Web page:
Mohamed Osman Mohamud bust wasn't entrapment by any legal definition

Categories: Crime, Somalis
Christmas Tree at Pioneer Square.jpg
Image by Jenny Cestnik on Flickr
Bomb Target: the Christmas Tree at Pioneer Square in Portland
There's plenty of hot air online right now about this weekend's arrest of Mohamed Osman Mohamud, the 19-year-old kid who got caught trying to detonate what he thought was a bomb at a Christmas tree lighting ceremony in Portland, Oregon.

Mohamud, an American citizen who was born in Somalia, has local connections: His stepmother reportedly hails from Minnesota. There have been plenty of news stories about the foiled bomb plan now. And those have quickly been followed by hand-wringing over whether the FBI was right to supply this kid with a fake bomb.


Did the government turn a wannabe, otherwise harmless ideologue into a terrorist? There are plenty of people--like Glenn Greenwald of Salon--saying that just may be the case:

But it may also just as easily be the case that the FBI -- as they've done many times in the past -- found some very young, impressionable, disaffected, hapless, aimless, inept loner; created a plot it then persuaded/manipulated/entrapped him to join, essentially turning him into a Terrorist; and then patted itself on the back once it arrested him for having thwarted a "Terrorist plot" which, from start to finish, was entirely the FBI's own concoction.
It's a legitimate question, and one that fairly puts the spotlight on how the government is spending its resources. Writers and watchdogs are worried about entrapment.

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Mohamed Osman Mohamud said he always wanted to blow people up. The FBI just gave him a fake bomb.

The thing is, that's not the case here. This kid wanted to blow a bunch of people up.

Mohamud had repeatedly e-mailed a friend in Pakistan looking to join jihad, according to the FBI. The agents who fooled him repeatedly told him that he was going to harm women and children, and that he could back out. But Mohamud was unrepentant.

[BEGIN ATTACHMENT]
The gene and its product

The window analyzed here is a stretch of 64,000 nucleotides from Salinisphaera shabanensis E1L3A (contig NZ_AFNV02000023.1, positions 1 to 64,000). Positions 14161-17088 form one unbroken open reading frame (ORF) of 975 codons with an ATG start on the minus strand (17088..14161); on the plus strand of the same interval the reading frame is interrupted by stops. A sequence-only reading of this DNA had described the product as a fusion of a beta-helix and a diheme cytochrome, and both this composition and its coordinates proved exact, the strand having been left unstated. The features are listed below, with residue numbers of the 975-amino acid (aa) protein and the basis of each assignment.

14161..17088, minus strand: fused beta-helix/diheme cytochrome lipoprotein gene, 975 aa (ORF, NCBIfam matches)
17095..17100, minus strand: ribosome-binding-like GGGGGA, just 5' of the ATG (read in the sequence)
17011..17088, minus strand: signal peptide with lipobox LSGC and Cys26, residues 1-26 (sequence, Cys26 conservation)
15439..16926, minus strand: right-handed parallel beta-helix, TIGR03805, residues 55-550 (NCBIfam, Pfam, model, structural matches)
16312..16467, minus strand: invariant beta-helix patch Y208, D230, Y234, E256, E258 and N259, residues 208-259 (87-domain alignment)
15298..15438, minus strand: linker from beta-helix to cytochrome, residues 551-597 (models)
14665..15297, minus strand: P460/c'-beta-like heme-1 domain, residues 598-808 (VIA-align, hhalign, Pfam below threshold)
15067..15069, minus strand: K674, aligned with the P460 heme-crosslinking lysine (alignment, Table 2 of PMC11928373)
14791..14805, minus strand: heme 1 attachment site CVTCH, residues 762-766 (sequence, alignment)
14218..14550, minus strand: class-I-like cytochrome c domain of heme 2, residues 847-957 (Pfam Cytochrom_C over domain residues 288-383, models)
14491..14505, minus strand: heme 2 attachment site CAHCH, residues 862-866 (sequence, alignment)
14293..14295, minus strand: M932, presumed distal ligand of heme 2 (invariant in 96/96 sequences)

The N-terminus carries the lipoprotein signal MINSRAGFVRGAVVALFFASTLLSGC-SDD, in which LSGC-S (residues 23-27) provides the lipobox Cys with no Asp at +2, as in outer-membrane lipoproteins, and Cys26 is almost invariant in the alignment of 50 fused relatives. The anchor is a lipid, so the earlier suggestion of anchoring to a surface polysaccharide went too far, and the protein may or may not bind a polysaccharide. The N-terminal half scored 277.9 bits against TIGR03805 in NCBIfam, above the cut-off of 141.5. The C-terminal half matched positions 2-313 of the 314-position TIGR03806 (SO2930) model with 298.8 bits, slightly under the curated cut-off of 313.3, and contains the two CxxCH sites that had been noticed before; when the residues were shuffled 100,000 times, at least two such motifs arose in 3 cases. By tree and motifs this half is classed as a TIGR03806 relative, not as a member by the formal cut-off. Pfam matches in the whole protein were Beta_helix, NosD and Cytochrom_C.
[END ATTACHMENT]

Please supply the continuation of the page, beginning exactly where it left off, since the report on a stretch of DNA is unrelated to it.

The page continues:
"Since I was 15 I thought about all this," he told agents, according to the New York Times and the Associated Press. "It's gonna be a fireworks show ... a spectacular show."

If authorities simply provide a fake way for a would-be criminal to get the crime done, that's not entrapment. To legally qualify for an entrapment defense, there's a three-part test:

* The idea for committing the crime came from the government agents and not from the person accused of the crime.

* Government agents then persuaded or talked the person into committing the crime. Simply giving him the opportunity to commit the crime is not the same as persuading him to commit the crime.

* The person was not ready and willing to commit the crime before the government agents spoke with him.

In this case, Mohamud brags about having the idea for the crime since he was a kid. Far from being talked into the crime, he refused to be talked out of committing the crime. And the act of driving the van to the location and calling the cell phone that he thought would detonate it pretty much proves he was more than willing to commit the crime--he was eager.

Let's just be glad that no one was killed and that the bomb was fake.


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